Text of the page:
Month: June 2018

The Jazz Age

By Lisa Peterson America’s prohibition period and the 1920s overlapped and created a decade known as the “Roaring 20s” or “The Jazz Age.” According to Amy Henderson, curator of the National Portrait Gallery, “F. Scott Fitzgerald is credited with coining the phrase ‘The Jazz Age’ in the title of his 1922 collection of short stories, Tales of the Jazz Age. Published in 1925, The Great Gatsby was the quintessence of this period of […]

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Obscure Items in Obscure Places

During one of my many travels through abandoned insane asylums, I stumbled upon a forgotten object that now calls my antique armoire home. Rockland County Psychiatric Center holds a special place in my heart as it’s one of the first abandoned insane asylums I’ve ever explored. But its history is what enchanted me long before I stepped foot onto its soil, and I’m ecstatic that I was able to explore […]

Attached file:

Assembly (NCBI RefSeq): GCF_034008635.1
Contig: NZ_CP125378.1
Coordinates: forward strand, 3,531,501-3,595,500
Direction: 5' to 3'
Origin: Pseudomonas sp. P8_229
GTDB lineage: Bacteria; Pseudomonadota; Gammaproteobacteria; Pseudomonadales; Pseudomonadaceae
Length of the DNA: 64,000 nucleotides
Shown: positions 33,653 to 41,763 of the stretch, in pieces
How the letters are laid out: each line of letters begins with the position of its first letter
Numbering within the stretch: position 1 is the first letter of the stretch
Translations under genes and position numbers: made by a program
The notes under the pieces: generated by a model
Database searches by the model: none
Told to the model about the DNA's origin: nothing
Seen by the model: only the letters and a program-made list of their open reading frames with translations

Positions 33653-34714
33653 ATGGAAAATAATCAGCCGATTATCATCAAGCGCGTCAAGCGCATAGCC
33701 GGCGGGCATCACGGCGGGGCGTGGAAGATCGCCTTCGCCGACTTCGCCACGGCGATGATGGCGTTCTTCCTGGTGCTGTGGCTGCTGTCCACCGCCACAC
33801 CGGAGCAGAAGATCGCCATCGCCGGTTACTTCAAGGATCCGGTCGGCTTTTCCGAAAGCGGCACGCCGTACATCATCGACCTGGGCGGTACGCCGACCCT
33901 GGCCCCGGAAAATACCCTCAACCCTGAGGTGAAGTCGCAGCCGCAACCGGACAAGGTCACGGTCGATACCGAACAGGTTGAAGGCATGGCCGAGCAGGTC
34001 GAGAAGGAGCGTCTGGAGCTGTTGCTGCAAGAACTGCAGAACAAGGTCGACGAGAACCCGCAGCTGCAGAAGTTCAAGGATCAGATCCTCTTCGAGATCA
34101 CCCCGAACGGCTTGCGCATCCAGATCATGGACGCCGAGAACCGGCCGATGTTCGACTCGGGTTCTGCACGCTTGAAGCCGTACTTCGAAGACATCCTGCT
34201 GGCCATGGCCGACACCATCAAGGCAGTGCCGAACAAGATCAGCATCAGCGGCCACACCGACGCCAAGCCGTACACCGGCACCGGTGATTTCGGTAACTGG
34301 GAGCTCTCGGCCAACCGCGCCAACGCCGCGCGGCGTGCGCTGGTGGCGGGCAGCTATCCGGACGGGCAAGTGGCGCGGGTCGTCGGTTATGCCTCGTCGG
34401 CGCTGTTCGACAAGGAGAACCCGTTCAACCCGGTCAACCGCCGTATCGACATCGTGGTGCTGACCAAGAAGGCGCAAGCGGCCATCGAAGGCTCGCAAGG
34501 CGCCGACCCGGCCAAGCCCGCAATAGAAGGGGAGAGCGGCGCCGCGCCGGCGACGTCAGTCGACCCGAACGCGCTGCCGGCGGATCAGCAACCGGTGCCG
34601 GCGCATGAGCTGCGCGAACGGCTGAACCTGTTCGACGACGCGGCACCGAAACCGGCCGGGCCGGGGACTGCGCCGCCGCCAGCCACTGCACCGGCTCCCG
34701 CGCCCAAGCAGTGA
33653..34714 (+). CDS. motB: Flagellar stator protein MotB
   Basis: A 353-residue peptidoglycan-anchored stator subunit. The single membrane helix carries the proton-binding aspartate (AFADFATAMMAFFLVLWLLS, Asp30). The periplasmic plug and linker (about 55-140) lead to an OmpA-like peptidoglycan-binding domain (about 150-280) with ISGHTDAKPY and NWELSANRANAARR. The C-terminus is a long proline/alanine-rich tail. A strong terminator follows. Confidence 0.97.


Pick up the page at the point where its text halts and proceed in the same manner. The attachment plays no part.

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Behind the Film: A Q&A with Sharon Woodward and Stephen Barker

Poor Yorick: What got you and your group interested in the topic of the Indian Army in WWI? Sharon: I worked with Stephen Barker, Heritage Advisor and Consultant on the Alchester Project some years ago. I made a film about the project, which explored the Roman tombstone that was excavated in 2003, the memorial stone of the second Augustan Legion, Lucius Valerius Geminus. So I was fortunate that he approached […]

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Museum Spotlight: Florence Griswold Museum

The Florence Griswold Museum is a nationally recognized center for American art and history. The 11-acre site on the Lieutenant River in the historic town of Old Lyme offers visitors a variety art, history, and nature in one New England village setting. Its cornerstone, the Florence Griswold House, is a fine example of a Late Georgian-style house with Federal-style features designed in 1817 by Samuel Belcher. In 2006, the Museum […]

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